Archive for Emotions – Page 2

A Few Awkward Precious Moments

A brother stormed out of a hastily organized family conference because, “No one cares what I think.”

A brother stormed out of a hastily organized family conference because, “No one cares what I think.”

Hospice is comfort care.

(Those who know anything about hospice will agree with that sentence.)

At the hospice where I work, the mission statement is . . . to uphold the dignity and ease the suffering of the terminally ill while supporting their loved ones, and those who are grieving.

(Other hospices have a similar mission statement.)

What do you want at the end of your life?

Do you desire care focused on “comfort?” Do you hope to be treated with dignity and have your suffering eased? Would you want loved ones “supported” during the time of your dying and after your death?

Your dying.

Your death.

What do you want? Read More →

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I Don’t Need Any Help

Im-FineAccording to the social worker’s earliest notes on the medical chart, the patient’s son didn’t want follow-up for bereavement after his father’s death.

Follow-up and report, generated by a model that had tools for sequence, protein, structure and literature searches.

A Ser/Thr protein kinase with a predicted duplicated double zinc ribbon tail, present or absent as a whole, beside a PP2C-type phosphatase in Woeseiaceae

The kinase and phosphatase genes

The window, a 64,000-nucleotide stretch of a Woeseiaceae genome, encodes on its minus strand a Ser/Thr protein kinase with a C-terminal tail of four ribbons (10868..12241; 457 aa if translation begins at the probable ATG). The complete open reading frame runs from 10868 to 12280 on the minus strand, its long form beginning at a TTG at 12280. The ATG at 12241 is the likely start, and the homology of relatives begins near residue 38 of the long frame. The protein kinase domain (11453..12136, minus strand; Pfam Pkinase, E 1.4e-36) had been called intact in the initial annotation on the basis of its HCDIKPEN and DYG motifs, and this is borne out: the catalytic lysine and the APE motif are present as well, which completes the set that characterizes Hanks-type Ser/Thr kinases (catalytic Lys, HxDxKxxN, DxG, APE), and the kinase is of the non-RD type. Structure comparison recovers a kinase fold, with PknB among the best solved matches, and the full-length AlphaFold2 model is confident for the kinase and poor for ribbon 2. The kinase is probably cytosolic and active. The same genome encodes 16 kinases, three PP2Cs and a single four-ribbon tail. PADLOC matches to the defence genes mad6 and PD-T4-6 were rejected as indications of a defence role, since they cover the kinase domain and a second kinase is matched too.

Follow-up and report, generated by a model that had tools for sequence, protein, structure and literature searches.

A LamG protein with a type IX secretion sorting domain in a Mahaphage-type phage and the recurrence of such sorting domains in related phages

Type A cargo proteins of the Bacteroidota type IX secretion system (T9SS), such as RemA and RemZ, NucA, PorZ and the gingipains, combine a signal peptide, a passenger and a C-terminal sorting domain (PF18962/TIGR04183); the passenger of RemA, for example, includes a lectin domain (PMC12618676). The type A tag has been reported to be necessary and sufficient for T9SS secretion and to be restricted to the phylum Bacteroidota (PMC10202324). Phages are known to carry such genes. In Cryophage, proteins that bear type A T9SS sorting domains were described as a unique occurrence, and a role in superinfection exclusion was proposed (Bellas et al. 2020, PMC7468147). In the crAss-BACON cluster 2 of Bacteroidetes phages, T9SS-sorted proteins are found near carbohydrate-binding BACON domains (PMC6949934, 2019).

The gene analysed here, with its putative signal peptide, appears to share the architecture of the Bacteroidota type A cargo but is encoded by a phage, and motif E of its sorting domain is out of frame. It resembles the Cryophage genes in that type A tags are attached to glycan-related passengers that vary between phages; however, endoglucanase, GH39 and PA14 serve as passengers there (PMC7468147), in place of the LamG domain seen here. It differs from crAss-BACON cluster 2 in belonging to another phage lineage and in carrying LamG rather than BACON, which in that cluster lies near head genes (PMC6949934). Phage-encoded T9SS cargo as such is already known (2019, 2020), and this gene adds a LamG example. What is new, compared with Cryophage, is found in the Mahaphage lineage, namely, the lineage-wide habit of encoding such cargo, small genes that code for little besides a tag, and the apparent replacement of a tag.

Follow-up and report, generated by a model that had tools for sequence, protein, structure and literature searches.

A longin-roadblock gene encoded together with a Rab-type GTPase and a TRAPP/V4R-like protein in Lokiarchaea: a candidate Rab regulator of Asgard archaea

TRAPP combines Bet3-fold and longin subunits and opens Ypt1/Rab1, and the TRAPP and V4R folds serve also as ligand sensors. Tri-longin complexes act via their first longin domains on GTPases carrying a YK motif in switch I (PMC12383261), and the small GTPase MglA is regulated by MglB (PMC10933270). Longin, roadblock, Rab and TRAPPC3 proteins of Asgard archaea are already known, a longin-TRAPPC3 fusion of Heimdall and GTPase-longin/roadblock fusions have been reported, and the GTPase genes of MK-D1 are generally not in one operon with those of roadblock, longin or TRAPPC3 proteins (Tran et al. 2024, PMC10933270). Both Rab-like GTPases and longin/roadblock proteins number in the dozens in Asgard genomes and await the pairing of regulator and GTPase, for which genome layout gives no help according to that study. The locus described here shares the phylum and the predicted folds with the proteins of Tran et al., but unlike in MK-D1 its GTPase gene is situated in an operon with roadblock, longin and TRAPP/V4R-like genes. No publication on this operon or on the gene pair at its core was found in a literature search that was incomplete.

The nurse who’d cared for his father echoed those sentiments when the family was discussed in the hospice team meeting. Since the patient—the father—had been in our hospice’s care for several months, there had been multiple visits by the social worker, nurse, and chaplain. All agreed the son had said (before and at the time of death) he was doing fine. Additionally, the son’s cousin—who was more like a trusted friend since childhood—was one of our hospice nurses.

This cousin affirmed what others concluded: the son had shared he didn’t need additional bereavement support after his father’s death. He. Was. Fine. But the cousin also said to me, and to the social worker who’d write the official chart notes, that the son should be called anyway.

“Give him a call,” the cousin/nurse said. Read More →

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Beware the 5 Stages

Dr. Kubler-Ross with Mother Theresa.

Dr. Kubler-Ross with Mother Theresa.

Not long after Elisabeth Kubler-Ross’ “On Death and Dying” (1969) was published, her five stages of dying entered the popular consciousness. Those same stages were eventually used to explain the path of grief.

We love lists. Comedian David Letterman did his popular Top Tens right up to his retirement show. If you follow sports, you know the importance of rankings. What team is #1? Is your team in the Top 25? We rate cardiac surgeons and pizza joints. The Internet is filled with lists: 9 steps to financial freedom or 7 ways to grow a new head of hair.

So, my reading friends, what are Kubler-Ross’ five stages? No Googling allowed! No stealing glances at your bookshelf. No asking a spouse, child, colleague, or passing stranger for help. And once you have what you think is the correct five, please put them in order. Don’t look to the next paragraph until you’ve completed the tasks! Read More →

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